1. K. J. Boller, A. Imamolu, and S. E. Harris, “Observation of electromagnetically induced transparency,” Phys. Rev. Lett. 66, 2593–2596 (1991). [CrossRef] [PubMed]

3

3. M. D. Eisaman, A. Andre, F. Massou, M. Fleischhauer, A. S. Zibrov, and M. D. Lukin, “Electromagnetically induced transparency with tunable single-photon pulses,” Nature 438, 837–841 (2005). [CrossRef] [PubMed]

], optical fibers with stimulated Brillouin scattering (SBS) [4

4. L. Thevenaz, “Slow and fast light in optical fibres,” Nat. Photonics 2, 474–481 (2008). [CrossRef]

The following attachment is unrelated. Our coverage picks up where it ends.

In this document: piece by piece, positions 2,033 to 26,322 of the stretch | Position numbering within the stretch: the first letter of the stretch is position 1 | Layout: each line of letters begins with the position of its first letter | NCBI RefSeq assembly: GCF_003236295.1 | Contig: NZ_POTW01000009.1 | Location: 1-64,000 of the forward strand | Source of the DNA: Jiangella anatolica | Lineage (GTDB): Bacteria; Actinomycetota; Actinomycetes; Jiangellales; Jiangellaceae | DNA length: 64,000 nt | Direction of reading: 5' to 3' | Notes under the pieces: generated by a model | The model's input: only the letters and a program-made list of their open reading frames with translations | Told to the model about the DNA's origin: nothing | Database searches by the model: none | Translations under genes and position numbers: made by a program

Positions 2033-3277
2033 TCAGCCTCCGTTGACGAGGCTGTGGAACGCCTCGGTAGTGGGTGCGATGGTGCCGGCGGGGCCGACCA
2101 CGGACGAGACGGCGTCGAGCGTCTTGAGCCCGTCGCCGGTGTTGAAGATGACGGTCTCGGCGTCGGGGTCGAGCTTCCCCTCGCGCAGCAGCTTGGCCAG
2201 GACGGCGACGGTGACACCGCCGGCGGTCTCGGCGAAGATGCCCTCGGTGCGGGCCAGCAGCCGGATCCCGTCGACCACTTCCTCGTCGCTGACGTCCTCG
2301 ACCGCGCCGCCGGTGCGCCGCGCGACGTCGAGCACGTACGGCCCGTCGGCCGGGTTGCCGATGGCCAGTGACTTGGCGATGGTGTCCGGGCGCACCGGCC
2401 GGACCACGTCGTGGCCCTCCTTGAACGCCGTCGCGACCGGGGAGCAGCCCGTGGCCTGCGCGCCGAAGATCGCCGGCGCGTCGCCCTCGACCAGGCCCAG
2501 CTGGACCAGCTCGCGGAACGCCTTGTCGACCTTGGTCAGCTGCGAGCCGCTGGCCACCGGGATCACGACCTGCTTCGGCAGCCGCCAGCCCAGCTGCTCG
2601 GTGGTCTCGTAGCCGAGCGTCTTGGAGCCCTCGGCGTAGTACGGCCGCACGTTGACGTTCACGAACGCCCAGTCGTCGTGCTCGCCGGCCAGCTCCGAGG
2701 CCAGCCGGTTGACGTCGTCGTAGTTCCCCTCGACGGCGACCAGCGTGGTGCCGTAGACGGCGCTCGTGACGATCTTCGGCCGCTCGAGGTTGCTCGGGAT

, 5

5. Y. Okawachi, M. S. Bigelow, J. E. Sharping, Z. Zhu, A. Schweinsberg, D. J. Gauthier, R. W. Boyd, and A. L. Gaeta, “Tunable all-optical delays via brillouin slow light in an optical fiber,” Phys. Rev. Lett. 94, 153902 (2005). [CrossRef] [PubMed]

], photonic crystals (PhCs) [6

6. Y. A. Vlasov, M. O’Boyle, H. F. Hamann, and S. J. McNab, “Active control of slow light on a chip with photonic crystal waveguides,” Nature 438, 65–69 (2005). [CrossRef] [PubMed]

10

10. B. Corcoran, C. Monat, M. Pelusi, C. Grillet, T. P. White, L. O’Faolain, T. F. Krauss, B. J. Eggleton, and D. J. Moss, “Optical signal processing on a silicon chip at 640gb/s using slow-light,” Opt. Express 18, 7770–7781 (2010). [CrossRef] [PubMed]

], and coupled-resonator optical waveguide (CROW) [11

11. F. Xia, L. Sekaric, and Y. Vlasov, “Ultracompact optical buffers on a silicon chip,” Nat. Photonics 1, 65–71 (2007). [CrossRef]

,12